Unfortunately the mains didn’t get much better either! I had the meat skewer and it was a huge amount of food balanced on a tiny plate. The plate was so overloaded with chips, salad and meat skewer that it was very difficult to eat. There was no place on the plate to put the meat when you popped it off the skewer to cut into bitesize pieces. It wasn’t practical at all and I ended up shooting food off the plate in all directions!
The meat itself had very little flavour. Occasionally I would get a tiny taste of umami but the paprika, rosemary, olive oil and garlic, which the meat was allegedly marinated in, were undetectable. There was a huge amount of meat but it was quite tough, and slightly overdone.
The chips were ok. I’ve said before that getting chips that are safe for coeliacs is like finding the holy grail because hardly anywhere does them. These chips were ok, they were crunchy, although a few of the chips got soggy from the meat juice. They seemed like the frozen store‑bought variety, which is a bit disappointing at a restaurant. Like everything on the plate, they got dipped in mayonnaise. The mayonnaise was pretty good!
There was also a huge bowl of salad on the plate competing for space. The salad was fresh, it had a lot of leaves, and a nice balsamic dressing. It was dotted with tasty black olives which I usually wouldn’t eat but these ones were very nice. There were also cherry tomatoes in the salad but they weren’t very generous with these, and some large chunks of raw red onion which I picked out because I can’t stand onion breath! If the menu had listed the salad ingredients, I would’ve requested no onion.
Michael started with the spaghetti marinara. He said there was a lot of seafood in it, with mussels, octopus and prawns. He said there was a nice vinegar flavour on the octopus and the prawns were very large and well cooked. He said a bit of parmesan on top would’ve been good though, as it was missing a salty element.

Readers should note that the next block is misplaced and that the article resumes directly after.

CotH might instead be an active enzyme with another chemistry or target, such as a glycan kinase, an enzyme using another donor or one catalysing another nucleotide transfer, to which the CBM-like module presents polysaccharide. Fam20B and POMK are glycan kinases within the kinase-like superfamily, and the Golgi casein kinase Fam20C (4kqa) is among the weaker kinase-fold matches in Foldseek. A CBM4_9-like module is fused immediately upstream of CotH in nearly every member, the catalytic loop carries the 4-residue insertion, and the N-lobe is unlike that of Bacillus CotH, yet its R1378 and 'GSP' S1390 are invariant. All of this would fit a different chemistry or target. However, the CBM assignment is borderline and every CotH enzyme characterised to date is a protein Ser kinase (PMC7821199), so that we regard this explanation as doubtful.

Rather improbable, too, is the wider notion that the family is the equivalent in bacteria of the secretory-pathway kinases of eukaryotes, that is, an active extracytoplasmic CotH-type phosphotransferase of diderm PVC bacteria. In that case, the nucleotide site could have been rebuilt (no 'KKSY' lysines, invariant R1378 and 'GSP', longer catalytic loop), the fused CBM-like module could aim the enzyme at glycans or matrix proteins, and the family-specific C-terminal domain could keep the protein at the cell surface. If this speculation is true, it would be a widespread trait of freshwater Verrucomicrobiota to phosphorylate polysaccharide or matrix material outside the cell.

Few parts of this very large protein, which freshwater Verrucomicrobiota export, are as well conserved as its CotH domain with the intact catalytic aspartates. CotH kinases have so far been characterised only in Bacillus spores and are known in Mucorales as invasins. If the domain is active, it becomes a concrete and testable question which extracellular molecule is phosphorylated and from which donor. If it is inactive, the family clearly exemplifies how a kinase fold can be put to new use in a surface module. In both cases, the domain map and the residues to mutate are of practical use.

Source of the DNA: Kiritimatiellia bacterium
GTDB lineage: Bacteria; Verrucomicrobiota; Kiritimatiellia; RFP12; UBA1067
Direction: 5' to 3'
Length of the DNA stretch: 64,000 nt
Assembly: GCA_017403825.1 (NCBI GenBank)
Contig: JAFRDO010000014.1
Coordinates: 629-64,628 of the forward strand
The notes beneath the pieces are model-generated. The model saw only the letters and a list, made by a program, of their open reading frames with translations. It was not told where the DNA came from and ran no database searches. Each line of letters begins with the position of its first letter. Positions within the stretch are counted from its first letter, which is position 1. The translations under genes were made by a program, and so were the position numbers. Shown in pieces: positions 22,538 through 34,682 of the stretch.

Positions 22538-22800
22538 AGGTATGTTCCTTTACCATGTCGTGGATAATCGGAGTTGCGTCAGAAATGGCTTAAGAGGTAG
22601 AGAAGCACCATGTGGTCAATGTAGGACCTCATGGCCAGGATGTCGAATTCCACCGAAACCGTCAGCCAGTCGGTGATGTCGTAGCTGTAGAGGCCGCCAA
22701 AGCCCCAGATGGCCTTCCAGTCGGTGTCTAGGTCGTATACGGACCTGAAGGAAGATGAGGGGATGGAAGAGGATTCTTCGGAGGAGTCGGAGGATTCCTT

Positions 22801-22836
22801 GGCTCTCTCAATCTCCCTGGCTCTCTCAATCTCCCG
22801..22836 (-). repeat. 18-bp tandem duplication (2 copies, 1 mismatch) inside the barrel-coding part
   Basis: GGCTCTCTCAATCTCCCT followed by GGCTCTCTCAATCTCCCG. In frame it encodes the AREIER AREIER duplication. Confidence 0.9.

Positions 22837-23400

While eating the pasta, I noticed Michael was eyeing it suspiciously and playing with it. This isn’t normal behaviour for Michael when we’re eating out, he’s actually very civilised in public!
When I asked him what was wrong, he said he was suspicious that the pasta was not gluten free, despite us requesting it. The texture was like regular pasta, being stretchy and elastic. Michael has been eating gluten free with me since my diagnosis and this includes weekly pasta. I trust Michael when it comes to food because he knows about food and cooking.
I was feeling apprehensive so we decided to get confirmation by asking a staff member. This is where my comfort eating at the restaurant dropped. When I asked the staff to check whether the pasta was gluten free or not, he checked at the till instead of going to the kitchen. All he did was confirm that we had requested gluten free pasta when we ordered.
Michael and I did an eye roll. The pasta was probably fine given their reputation for being gluten free, but I decided not to risk it. It was too important for me not to get sick, not just because it’s horrible but because I wanted to be 100% for the Gluten Free Expo the following day.
At the end of the meal, we asked a different staff member about the pasta. We asked her if it was made in house made or was store bought. She said she wasn’t sure but believed it was bought, not house made. Back the hotel, we checked on the restaurant’s website which confirmed their gluten free pasta was imported from Italy, not house made.
The last item we had ordered was the chicken and vegetable children’s meal for Milly – the healthiest looking option on the kids menu. This looked nice, like a smaller version of an adult meal. The chicken breast was quite large and the vegetables were a bit too al dente for the baby who is 10 months old and hasn’t got any teeth yet. It was all perfectly cooked for an older kid or adult though!
At the end of the meal, we got the bill and I paid on the other side of the restaurant at the bar. The total cost was $115.30 including a whopping $9 gluten free fee for the garlic bread, haloumi cheese and pasta.
Although the service was mostly good at Restaurant 317 and the portions were generous, the food was greasy and not particularly enjoyable. Quantity and quality is not the same. Restaurant 317 has a lot of gluten free options but they didn’t meet my expectations.
317 Church Street Parramatta NSW 2150
1300 317 317